David Howson, aged 88 years and suffering from Alzheimer's Disease, is facing eviction from his co-op apartment, while the tenants in his 10-unit building stopped paying their own rent long ago.
Howson owns a small building at 129th St. and 5th Av. in Harlem, and lives about three miles further north, in the neighborhood of Inwood at the northern edge of Manhattan, and the rentals have been his sole source of income, which has now dried up completely.
According to Hot Air, since Albany continued the moratorium on evictions until May of 2021, Howson and his family are unlikely to see even a cent of new income in the foreseeable future.
"We have nothing. We are completely destitute," mentioned his daughter Jessica Howson, who has been managing the budget for her father since he came down with Alzheimer's.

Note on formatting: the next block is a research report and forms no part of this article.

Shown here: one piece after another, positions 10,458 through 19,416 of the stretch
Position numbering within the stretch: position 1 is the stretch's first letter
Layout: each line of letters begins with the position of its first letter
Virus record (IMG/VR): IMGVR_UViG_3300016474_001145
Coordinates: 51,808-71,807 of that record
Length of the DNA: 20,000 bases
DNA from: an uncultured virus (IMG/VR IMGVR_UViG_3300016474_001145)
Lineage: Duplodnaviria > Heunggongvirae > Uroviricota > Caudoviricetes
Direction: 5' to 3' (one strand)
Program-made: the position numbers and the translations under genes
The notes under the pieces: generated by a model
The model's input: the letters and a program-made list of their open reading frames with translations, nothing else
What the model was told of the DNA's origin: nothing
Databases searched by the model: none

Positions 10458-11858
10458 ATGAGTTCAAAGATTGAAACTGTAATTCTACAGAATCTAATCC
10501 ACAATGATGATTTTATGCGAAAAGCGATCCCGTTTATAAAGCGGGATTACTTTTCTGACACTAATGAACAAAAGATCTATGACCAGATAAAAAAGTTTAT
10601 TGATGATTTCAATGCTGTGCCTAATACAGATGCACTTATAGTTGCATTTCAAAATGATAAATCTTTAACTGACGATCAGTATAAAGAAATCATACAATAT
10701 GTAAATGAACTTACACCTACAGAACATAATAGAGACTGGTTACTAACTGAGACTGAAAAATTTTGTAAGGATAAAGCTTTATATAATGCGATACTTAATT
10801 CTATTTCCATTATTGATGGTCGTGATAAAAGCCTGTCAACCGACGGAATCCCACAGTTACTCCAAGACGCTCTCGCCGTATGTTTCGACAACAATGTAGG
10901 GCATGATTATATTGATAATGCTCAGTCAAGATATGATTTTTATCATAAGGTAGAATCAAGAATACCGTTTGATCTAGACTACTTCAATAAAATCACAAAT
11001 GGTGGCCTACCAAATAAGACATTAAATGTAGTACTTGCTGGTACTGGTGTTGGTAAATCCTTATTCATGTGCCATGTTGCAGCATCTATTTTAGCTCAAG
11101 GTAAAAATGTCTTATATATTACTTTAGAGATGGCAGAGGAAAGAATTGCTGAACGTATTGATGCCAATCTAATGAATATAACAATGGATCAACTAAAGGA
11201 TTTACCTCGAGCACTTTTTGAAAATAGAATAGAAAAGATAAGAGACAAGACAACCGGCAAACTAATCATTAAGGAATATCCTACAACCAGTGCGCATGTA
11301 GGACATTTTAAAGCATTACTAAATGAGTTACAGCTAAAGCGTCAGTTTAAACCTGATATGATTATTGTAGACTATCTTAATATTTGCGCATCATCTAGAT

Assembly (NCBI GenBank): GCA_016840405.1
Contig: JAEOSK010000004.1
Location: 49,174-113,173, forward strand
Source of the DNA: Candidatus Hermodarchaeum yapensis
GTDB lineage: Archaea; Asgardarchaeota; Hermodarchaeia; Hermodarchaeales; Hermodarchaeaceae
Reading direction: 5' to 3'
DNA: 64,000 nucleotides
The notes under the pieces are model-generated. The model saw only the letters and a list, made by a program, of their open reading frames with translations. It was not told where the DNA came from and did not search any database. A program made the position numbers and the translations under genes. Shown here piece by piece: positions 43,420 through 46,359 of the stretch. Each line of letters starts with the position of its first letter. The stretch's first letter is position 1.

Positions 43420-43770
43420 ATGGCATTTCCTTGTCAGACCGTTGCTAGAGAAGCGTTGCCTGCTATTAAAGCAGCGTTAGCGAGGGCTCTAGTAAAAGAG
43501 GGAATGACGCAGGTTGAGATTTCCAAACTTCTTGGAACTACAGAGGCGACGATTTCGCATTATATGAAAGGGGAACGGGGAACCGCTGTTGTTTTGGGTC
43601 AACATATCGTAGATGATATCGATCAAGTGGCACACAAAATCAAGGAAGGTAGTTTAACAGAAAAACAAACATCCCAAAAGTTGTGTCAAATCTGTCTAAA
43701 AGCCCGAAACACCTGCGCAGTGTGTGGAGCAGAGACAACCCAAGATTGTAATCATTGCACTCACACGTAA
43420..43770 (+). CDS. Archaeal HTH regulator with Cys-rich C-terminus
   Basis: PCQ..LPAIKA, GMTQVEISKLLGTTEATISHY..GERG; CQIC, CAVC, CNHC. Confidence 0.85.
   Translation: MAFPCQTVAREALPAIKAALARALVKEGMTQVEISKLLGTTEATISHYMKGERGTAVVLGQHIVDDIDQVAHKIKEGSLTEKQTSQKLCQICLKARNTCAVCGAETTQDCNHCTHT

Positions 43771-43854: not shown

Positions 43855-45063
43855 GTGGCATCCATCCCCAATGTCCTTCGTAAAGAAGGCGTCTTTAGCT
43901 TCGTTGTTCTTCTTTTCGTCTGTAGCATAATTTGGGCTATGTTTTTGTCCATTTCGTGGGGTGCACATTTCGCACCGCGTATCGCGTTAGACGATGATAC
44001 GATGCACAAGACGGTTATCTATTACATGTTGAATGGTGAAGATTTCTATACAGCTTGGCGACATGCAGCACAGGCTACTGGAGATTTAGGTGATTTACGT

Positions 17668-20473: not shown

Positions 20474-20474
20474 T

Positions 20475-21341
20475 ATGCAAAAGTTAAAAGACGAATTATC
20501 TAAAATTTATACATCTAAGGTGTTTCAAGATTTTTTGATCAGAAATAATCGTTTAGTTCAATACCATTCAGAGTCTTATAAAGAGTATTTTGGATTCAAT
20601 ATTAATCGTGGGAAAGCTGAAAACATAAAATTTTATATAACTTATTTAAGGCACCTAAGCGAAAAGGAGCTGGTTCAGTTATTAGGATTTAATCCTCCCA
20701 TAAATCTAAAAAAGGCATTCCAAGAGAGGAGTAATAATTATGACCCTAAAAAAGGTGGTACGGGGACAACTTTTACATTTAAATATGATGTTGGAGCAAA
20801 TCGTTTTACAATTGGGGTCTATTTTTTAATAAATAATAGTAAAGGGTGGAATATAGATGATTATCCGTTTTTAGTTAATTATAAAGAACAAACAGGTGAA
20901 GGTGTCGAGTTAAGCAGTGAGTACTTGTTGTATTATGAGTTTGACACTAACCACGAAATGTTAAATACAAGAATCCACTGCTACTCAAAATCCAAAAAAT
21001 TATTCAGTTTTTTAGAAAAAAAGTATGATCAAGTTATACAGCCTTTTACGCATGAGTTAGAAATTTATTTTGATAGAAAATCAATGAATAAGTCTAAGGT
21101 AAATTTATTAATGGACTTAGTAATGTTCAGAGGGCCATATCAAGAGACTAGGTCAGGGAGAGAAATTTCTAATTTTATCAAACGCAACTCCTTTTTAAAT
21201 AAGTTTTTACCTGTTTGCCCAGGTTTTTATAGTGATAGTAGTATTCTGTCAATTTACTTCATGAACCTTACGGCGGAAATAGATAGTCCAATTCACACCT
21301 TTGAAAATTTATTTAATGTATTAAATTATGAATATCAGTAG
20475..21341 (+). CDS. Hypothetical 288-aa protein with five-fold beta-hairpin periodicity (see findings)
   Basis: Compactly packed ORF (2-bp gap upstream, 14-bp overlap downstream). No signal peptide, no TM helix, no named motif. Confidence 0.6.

One of the tenants now legally protected due to the coronavirus laws is someone who inherited the rent-controlled unit in 2016, and has never paid the $926 monthly rent, despite it being well below market rates.
The tenant's lawyers (who work pro-bono for a tenants' advocacy group that has somehow taken up this case) have actually stated in court that "has a right to remain in the apartment rent-free".
Over half of all landlords in the US are small businesses or sole proprietorships, meaning one individual. These legal entities often have their rental income as the sole source of income.
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